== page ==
Faculty Publications


Educational Reformers or Keepers of the Status Quo : Governors Reubin Askew and Jimmy Carter.

SelectedWorks Author Profiles:

Deanna Michael

Document Type


Publication Date


Date Issued

January 2006

Date Available

August 2011


Educational reform has been an important area for debate in the southern states since the end of the Second World War. From desegregation to equity in funding, southern governors have pushed their states in the direction of their parties, their promises and their personal political beliefs. Some of these changes have been progressive in that the reforms increased the ability of marginalized groups to participate in the economic, political and social power of each state. The same legislation contained consequences like state-wide testing that maintained the racial, political, social and economic status quo. Two governors who served in the 1970s, Reubin O'Donovan Askew of Florida and Jimmy Carter of Georgia, sought to equalize educational opportunity in their states. Both wished to address the needs of children who had been denied educational opportunities in the past and both wished to increase spending on education in their states. While their purposes were progressive, both reform packages contained accountability based on state-wide testing. In this article the author addresses two questions: did the testing component reverse the access that minority and impoverished students were given through the intended educational reforms, and was the testing a necessary political trade-off for passage of the equalization legislation? In analysing the acceptance of testing by two southern governors, we may be able to understand the current trend in the United States and to develop educational policies that are more progressive in their results as well as their intentions and that answer the needs of our diverse student population.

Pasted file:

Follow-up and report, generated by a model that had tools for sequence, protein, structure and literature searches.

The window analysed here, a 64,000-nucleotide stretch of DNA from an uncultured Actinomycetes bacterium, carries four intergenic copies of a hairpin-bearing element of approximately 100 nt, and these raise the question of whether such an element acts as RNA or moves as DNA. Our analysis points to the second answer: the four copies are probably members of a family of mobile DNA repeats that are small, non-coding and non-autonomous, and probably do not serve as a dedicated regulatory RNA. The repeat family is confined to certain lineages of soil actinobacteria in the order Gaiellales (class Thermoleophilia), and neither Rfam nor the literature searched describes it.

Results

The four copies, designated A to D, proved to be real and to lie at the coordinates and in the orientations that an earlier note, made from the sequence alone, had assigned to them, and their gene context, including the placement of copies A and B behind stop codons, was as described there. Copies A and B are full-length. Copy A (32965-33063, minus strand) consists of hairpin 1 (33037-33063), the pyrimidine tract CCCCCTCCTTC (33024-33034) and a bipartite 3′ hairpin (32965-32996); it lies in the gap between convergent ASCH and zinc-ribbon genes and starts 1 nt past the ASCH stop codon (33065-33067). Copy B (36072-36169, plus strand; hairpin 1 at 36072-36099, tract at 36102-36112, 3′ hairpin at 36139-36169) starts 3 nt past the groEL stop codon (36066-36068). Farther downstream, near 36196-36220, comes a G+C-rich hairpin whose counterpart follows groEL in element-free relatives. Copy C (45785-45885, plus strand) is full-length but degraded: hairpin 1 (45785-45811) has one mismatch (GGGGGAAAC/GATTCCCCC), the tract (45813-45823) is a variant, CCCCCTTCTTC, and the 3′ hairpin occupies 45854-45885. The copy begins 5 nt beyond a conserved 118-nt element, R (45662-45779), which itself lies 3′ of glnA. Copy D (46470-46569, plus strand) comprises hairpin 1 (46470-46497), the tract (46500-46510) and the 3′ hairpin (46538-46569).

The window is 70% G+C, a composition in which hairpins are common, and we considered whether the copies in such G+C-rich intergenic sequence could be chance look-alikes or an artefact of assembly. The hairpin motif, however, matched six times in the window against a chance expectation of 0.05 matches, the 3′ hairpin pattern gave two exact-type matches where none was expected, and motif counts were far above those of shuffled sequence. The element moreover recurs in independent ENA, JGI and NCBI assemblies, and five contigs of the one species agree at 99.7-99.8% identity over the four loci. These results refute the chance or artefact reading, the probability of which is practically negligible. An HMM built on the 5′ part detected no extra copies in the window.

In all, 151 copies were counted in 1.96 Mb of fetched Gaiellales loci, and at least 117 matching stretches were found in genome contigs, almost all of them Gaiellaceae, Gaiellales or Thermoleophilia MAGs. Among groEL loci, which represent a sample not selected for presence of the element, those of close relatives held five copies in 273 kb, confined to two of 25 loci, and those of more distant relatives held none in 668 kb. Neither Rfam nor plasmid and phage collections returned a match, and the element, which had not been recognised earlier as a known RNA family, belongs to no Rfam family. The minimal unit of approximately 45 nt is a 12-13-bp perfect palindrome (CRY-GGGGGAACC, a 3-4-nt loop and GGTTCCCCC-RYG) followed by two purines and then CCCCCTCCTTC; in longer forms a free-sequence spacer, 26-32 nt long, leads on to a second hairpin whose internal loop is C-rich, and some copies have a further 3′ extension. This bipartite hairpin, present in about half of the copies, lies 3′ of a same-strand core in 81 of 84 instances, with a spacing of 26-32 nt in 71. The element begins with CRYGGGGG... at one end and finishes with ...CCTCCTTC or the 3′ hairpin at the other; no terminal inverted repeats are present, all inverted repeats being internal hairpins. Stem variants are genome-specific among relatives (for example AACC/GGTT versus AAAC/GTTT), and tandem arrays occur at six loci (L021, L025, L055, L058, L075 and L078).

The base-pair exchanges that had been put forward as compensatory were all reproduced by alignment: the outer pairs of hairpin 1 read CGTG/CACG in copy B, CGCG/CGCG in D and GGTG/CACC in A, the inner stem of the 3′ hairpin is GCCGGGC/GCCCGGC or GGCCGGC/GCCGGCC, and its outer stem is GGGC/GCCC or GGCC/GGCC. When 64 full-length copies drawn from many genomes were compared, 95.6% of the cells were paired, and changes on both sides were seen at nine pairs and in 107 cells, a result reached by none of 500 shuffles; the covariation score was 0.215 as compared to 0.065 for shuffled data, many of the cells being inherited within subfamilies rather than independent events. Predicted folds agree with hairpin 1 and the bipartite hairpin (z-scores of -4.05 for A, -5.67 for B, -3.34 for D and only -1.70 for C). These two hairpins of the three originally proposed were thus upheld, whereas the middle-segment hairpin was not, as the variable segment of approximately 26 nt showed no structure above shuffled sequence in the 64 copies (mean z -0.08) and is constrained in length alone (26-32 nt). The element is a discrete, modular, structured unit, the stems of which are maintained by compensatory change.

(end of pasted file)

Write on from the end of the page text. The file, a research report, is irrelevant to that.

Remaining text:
Abstract only. Full-text article is available only through licensed access provided by the publisher. Published in Paedagogica Historica, 42:01-02, 211-224. Members of the USF System may access the full-text of the article through the authenticated link provided.




Centre for Study of History of Education.